It’s a premise of all my work that civilization is a frail structure through which the forces of barbarism can break at any time. Although I’m not a gun owner, I strongly suspect that liberal hostility to guns often springs from a sentimental misinterpretation of reality. Tim Hartin, who began our long-running gun debate, writes again on this matter from Mount Horeb, Wis.:
I was delighted at the way the anti-gun responses in your last column proved the very point I was trying to make: namely that support for gun control is an emotional/cultural/class issue that has nothing to do with the facts.
There is almost no correlation between the level of gun ownership in a nation and the level of criminal violence in that nation. In the U.S., we have guns and violence, but guns were not used in nearly three out four violent crimes, and 99.8 percent of firearms will not be used to commit a crime in any given year. In Switzerland, they have an assault rifle in every house and little violence. In England, they recently confiscated all the guns, and were rewarded with a crime wave.
In the U.S., there is a direct correlation between gun control and violent crime. Almost without exception, jurisdictions with gun control have higher crime rates than jurisdictions without gun control. The historical record shows that when gun controls are loosened, crime goes down, and when gun controls are tightened, crime goes up.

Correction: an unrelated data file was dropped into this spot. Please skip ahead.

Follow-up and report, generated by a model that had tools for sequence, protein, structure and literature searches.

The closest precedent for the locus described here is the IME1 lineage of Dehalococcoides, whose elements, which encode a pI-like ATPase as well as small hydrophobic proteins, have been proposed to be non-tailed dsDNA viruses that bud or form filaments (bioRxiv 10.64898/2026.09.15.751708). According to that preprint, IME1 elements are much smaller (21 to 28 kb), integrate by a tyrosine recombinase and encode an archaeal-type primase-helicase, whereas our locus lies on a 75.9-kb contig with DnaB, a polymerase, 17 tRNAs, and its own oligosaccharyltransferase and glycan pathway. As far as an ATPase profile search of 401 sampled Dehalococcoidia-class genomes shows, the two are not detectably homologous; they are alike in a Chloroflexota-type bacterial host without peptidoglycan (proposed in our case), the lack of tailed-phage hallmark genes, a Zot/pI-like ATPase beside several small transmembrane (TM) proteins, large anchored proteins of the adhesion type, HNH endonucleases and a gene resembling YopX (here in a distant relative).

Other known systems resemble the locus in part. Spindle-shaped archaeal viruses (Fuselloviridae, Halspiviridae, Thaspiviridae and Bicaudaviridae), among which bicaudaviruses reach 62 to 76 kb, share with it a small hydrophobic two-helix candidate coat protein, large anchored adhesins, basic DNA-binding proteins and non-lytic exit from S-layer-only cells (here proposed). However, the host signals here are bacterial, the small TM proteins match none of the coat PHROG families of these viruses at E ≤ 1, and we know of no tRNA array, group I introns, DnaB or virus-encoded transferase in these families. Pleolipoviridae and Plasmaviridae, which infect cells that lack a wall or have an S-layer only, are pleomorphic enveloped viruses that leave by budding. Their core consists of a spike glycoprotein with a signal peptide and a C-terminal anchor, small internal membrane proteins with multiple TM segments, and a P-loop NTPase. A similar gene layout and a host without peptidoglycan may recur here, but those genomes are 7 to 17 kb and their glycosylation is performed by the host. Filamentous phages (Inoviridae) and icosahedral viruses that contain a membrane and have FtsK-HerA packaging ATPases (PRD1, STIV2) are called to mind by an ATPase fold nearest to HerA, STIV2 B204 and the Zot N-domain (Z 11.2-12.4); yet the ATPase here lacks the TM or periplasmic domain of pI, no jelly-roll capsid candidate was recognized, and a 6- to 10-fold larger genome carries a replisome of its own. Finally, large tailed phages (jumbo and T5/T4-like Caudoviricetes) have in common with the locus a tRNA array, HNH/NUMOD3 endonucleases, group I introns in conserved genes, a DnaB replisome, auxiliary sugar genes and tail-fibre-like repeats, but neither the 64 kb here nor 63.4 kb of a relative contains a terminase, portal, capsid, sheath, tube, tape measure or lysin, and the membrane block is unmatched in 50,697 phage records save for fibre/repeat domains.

Gun controllers continue with their crusade in the face of these facts, demonstrating 1) that they are not rational on this topic and 2) that they are not really trying to reduce crime or violence but are instead after something else.
I speculate that their motives are an unhealthy mix of the following:
1) Fear of the unknown (guns). 2) Fear of those unwashed “others” who might own guns. 3) Insecurity about their ability to protect themselves, with or without a gun. 4) Childlike desire for some big, burly father figure to protect them. 5) Childlike desire for a soft, pink, fluffy world with no sharp corners, threats or dangers. 6) Sublimated fear of penises/male power, as embodied by phallic guns. 7) Deep denial about the roots of violence in human nature and, by extension, their own capacity for violence. 8) A self-righteous belief in their own moral superiority.
When the Second Amendment was passed, a “militia” was commonly understood to be a group of armed citizens, such as those unofficial groups that resisted the British during the early days of the Revolutionary War. The old concept of a militia is best preserved today in Switzerland, where every male of military age belongs to the militia and keeps a fully automatic assault rifle in his house.
Thanks, Mr. Hartin, for yet another eloquent litany on this explosively controversial issue, which the media (with help from a whiny President Clinton) are already maneuvering front and center for the presidential race. As I’ve indicated in the past, I firmly agree with this view of the Second Amendment as the crucial recourse of private citizens against government tyranny, which world history shows can arise with stunning speed.